Americans know Philippe Petit as the man who bridged the Twin Towers on a high wire in 1974. But “le coup,” as Petit calls the event, marks only one chapter in a lifetime of performance, expression and mystery. In anticipation of his lecture today, at 5:30 p.m. in Statler Auditorium, the Sun spoke with Petit, who explained the intentions of his work and imagined walking a tightrope across Ithaca’s gorges.
The Sun: Did you have a childhood dream?
Philippe Petit: Yes and no. I started acting on my dreams almost immediately in my young life. When I was six I fell in love with magic and I started learning magic by myself. Sixteen or seventeen was the discovery of juggling. And then I decided to become a wire-walker, and I started learning by myself around 17 or 18. So they were dreams but they were instantly worked upon.
Sun: You describe walking on the tightrope as a type of art. As a child, you liked to climb, and eventually got into tightrope walking. Was there a point in your coming of age where you started to see these activities as art?
P.P.: You know, because of my involvement in wire walking I never thought “is it art” “is it a sport?” For me, it was obviously art, because I was doing it day and night… I was very early adding costume, music and light and stories to my wire walking. So, from the very beginning it was like theatre in the sky. The climbing is a sport, which as a kid I loved, and may have brought me in love with altitude… so maybe that’s where my love of the air comes from. But it has nothing to do with my love for walking on the wire. And now I continue to do it, but when I look back after 45 years, it’s obviously an art that I have practiced; for instance, the art of perfecting a single walk on the wire that appears to be on the floor, as if equilibrium is not a concern. So when you talk about perfection you are in the realm of art. But I don’t think it is for the artist to define himself, I think it’s for the people to look at the performance and decide “is it a sport, is it art?” When you put your soul into an activity, and start doing it with all your imagination and creativity it instantly becomes an art.
Sun: And was this a very fast realization for you – that this was an activity that you could put all of your imagination into?
P.P.: No, I did not have this distance that you use in this sentence. I didn’t realize, as a kid I was practicing 5,6, 8, 12 hours a day, and not stopping to say okay, “what am I doing, what exactly is wire walking?” I was just doing it day and night… I was able to quickly master what they were doing in the circus… Throughout my life I started disregarding and editing what I had learned. Now, I am probably in a time of my life where I edit things, and make them more pure and simple and more majestic and more powerful and more beautiful. But I guess it takes a lifetime to start editing your own art.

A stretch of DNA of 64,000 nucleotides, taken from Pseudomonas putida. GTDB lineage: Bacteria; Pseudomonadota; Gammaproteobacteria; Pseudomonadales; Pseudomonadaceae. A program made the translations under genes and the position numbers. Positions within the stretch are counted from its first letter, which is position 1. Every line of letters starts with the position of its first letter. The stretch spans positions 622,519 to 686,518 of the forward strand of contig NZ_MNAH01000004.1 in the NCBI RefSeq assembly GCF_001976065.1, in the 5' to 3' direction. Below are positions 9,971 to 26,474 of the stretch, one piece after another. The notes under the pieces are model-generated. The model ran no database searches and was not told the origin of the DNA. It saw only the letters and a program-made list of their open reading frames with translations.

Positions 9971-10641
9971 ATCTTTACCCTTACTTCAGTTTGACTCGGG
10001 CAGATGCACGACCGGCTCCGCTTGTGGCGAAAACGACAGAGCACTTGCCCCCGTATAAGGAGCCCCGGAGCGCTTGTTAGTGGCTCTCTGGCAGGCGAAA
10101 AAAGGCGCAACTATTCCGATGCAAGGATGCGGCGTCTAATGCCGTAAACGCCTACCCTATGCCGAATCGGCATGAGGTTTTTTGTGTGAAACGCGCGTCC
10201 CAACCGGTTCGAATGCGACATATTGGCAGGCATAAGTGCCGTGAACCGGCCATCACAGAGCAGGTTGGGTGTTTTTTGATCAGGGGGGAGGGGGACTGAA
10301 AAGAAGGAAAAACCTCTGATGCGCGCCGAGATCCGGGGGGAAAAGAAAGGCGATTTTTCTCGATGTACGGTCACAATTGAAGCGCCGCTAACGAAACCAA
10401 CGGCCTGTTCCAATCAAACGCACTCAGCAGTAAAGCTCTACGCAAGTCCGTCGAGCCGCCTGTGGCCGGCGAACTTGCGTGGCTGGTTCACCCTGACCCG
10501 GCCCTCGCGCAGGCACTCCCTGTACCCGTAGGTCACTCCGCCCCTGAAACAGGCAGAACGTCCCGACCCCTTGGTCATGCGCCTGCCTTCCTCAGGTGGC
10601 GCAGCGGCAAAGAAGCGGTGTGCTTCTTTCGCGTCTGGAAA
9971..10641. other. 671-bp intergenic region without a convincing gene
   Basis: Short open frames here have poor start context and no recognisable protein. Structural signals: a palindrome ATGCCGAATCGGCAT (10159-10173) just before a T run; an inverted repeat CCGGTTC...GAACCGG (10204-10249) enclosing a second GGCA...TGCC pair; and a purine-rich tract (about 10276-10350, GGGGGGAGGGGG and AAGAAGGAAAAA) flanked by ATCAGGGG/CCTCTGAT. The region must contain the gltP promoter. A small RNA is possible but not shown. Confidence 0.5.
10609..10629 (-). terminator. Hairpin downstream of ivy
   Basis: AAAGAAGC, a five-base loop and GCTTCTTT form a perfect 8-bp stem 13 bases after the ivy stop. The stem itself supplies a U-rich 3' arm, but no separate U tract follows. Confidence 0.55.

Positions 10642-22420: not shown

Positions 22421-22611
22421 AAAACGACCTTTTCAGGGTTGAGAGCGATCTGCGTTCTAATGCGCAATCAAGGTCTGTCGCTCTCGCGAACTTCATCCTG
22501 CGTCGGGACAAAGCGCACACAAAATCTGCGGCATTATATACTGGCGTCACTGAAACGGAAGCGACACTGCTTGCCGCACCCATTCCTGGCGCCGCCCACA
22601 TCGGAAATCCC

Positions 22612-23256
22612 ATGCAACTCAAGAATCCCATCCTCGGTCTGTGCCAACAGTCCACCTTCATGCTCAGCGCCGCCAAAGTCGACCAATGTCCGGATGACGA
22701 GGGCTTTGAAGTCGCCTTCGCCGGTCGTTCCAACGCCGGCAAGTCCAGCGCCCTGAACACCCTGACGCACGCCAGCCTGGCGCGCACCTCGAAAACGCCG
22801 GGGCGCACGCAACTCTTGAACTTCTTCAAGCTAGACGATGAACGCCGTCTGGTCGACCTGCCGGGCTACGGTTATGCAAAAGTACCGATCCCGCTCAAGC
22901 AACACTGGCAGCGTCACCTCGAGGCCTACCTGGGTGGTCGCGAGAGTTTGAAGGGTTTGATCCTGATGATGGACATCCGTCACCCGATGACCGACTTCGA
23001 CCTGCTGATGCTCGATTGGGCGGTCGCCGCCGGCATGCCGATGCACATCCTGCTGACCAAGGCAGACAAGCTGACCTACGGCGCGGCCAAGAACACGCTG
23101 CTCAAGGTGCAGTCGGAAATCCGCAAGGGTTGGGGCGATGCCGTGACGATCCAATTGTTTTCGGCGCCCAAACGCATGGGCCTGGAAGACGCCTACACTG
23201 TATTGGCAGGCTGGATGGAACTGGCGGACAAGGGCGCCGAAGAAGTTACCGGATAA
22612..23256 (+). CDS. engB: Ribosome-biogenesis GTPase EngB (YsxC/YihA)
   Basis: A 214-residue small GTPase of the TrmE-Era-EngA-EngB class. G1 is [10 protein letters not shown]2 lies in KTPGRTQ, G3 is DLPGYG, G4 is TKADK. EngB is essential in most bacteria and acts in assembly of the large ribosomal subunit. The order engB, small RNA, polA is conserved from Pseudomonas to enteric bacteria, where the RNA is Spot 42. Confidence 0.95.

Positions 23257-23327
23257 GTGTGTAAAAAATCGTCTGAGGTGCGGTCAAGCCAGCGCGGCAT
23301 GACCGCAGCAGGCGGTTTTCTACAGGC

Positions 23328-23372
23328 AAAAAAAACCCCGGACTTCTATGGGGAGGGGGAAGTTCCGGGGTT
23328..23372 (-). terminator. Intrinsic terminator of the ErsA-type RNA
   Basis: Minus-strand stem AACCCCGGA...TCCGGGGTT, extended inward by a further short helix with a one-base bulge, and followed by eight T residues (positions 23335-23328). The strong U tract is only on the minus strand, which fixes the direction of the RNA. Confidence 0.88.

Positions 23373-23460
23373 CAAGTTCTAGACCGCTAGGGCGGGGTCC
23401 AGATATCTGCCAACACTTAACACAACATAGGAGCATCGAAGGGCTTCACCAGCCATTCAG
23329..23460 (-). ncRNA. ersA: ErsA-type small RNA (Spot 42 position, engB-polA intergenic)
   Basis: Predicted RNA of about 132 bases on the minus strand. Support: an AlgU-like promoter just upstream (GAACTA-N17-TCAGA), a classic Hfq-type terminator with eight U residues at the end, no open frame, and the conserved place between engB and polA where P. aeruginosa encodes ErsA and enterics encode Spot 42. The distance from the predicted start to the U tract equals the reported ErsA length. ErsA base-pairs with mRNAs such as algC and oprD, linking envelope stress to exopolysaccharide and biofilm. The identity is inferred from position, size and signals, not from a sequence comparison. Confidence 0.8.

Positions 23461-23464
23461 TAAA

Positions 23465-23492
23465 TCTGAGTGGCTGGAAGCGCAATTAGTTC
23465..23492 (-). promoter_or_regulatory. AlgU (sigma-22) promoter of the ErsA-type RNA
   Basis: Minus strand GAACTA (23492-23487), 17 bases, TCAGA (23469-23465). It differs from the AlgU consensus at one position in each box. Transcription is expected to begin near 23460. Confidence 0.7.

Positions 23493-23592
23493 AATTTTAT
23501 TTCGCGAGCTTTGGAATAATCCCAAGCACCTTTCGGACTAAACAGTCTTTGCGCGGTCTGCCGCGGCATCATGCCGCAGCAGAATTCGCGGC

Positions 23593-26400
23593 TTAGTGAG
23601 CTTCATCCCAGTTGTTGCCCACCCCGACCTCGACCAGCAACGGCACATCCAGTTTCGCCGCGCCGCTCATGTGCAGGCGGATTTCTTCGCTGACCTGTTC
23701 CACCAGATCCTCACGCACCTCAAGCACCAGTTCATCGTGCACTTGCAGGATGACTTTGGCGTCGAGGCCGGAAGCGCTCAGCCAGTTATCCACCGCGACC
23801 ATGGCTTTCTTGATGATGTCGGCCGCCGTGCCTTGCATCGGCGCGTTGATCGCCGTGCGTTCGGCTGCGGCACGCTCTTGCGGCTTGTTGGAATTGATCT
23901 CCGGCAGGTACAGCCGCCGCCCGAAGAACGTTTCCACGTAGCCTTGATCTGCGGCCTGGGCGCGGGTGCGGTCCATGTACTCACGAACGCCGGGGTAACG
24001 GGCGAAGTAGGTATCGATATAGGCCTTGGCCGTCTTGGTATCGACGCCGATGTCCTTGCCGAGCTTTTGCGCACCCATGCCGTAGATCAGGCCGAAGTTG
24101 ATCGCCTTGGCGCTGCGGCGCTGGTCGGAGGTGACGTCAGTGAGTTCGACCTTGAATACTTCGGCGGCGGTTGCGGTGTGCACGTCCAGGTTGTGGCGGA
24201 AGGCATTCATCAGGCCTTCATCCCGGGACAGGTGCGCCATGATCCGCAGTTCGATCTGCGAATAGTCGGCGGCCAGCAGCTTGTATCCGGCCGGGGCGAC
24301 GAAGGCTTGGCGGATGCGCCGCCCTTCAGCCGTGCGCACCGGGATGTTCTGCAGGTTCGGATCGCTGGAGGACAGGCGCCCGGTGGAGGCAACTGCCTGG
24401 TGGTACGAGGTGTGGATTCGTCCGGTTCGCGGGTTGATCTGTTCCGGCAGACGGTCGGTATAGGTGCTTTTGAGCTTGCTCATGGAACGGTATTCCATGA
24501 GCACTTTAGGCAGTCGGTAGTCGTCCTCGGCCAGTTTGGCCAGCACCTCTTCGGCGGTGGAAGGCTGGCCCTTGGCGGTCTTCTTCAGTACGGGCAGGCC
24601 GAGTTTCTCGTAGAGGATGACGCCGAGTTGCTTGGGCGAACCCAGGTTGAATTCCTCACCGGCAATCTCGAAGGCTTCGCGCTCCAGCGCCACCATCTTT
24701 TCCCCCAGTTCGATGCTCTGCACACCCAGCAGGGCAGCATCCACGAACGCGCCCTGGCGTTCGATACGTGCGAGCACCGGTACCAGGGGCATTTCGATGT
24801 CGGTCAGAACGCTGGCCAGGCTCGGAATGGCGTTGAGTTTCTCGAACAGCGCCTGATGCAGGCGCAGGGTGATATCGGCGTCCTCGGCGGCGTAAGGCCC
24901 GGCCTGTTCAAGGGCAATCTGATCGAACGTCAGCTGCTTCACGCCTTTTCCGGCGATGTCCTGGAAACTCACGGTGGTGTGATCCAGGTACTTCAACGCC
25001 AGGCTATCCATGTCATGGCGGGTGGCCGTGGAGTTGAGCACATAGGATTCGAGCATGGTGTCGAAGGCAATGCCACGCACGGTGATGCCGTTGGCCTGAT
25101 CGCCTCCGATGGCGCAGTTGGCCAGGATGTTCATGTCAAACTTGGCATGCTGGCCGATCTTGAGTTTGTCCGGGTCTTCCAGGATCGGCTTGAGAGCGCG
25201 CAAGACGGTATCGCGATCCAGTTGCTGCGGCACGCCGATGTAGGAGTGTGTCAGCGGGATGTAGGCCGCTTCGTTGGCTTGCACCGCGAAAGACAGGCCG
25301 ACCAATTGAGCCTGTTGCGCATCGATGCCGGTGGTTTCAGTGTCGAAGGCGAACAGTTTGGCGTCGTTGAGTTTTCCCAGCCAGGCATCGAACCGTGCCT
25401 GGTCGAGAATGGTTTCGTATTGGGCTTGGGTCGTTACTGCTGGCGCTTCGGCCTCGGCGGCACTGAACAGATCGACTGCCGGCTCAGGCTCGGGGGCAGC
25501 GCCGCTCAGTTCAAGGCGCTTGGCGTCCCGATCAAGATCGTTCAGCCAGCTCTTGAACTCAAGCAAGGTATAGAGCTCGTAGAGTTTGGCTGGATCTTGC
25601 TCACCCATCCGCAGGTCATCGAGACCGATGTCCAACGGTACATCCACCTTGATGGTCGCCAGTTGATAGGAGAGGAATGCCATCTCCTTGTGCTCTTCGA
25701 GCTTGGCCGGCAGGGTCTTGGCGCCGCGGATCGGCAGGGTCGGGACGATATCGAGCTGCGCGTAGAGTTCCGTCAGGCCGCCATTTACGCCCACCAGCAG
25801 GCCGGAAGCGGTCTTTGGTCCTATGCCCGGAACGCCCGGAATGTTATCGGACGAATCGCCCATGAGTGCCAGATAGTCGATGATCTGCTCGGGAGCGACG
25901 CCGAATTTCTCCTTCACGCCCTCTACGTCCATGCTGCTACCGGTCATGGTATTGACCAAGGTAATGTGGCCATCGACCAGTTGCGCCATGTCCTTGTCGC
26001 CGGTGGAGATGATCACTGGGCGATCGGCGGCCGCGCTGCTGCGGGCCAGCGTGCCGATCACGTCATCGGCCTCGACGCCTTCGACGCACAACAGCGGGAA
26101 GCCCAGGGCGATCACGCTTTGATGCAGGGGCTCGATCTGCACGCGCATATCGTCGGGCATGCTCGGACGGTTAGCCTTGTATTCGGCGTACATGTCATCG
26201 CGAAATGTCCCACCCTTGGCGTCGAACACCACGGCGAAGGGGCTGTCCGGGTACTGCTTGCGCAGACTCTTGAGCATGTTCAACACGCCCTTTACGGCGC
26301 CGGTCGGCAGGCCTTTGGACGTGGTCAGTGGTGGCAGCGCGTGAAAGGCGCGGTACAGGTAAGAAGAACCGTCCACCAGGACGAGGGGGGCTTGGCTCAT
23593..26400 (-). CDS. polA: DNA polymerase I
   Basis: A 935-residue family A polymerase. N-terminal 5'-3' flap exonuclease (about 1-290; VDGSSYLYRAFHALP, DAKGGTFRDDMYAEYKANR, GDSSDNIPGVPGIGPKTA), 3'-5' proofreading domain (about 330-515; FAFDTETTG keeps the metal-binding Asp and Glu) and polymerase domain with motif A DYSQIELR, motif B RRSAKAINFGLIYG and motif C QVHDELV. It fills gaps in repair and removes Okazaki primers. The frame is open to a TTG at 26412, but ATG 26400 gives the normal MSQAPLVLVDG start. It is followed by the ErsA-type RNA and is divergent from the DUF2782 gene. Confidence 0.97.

Sun: Why did you call your walk across the twin towers “le coup,” besides the obvious of simply conquering them?
P.P.: I was looking for accomplices in France, America and Australia. When I was describing what I was doing it was so close to a bank robbery — although I was not going to steal anything, I was going to offer my presence — that it was logical to find the word “le coup”— which has no equivalent in English — it is something illegal, secret. It has the connotation of bank robbery in French. So I thought that “le coup” was very natural. But I was more busy preparing for it than finding a title.
Sun: Did you view it as an act of conquering?
P.P.: From the beginning, when I was starting to create performance that no one wanted to hire me for, I forced myself upon the system by doing things illegally — I did look at myself almost like a movie director. I wanted to put myself in a situation with my wire that would be very beautiful and spectacular and dramatic. And I started choosing monuments — and, of course, no one wanted to give me permission — so I started doing things immediately. Yes, to answer your question, from the very beginning I had the mind and process of a movie director. To walk from point A to point B is totally uninteresting to me; to break records, to be the highest or longest is totally uninteresting to me. Although, the irony is that I am in some books of record as the highest wire-walker (laughs). I don’t care about that. I really care about the poetry. By the way, those two towers are just one of my many walks, they are not the beginning or end of my life. It can be compared with small wire walks that I put at the same level artistically. Of course, in this country, that is the walk that everyone remembers. I remember one day, I explained that I was interested in linking two things that were doomed to be separated forever. The two skyscrapers were designed by architects and built by engineers, never to be linked. I thought it would be beautiful to link those two. One day I mentioned in an interview that I was not interested so much in the two towers, I was interested in making use of the negative space between them. Most people see two towers. Me, I see what is between the two towers; there is an inhuman void. Well, that is interesting; let’s do something about that.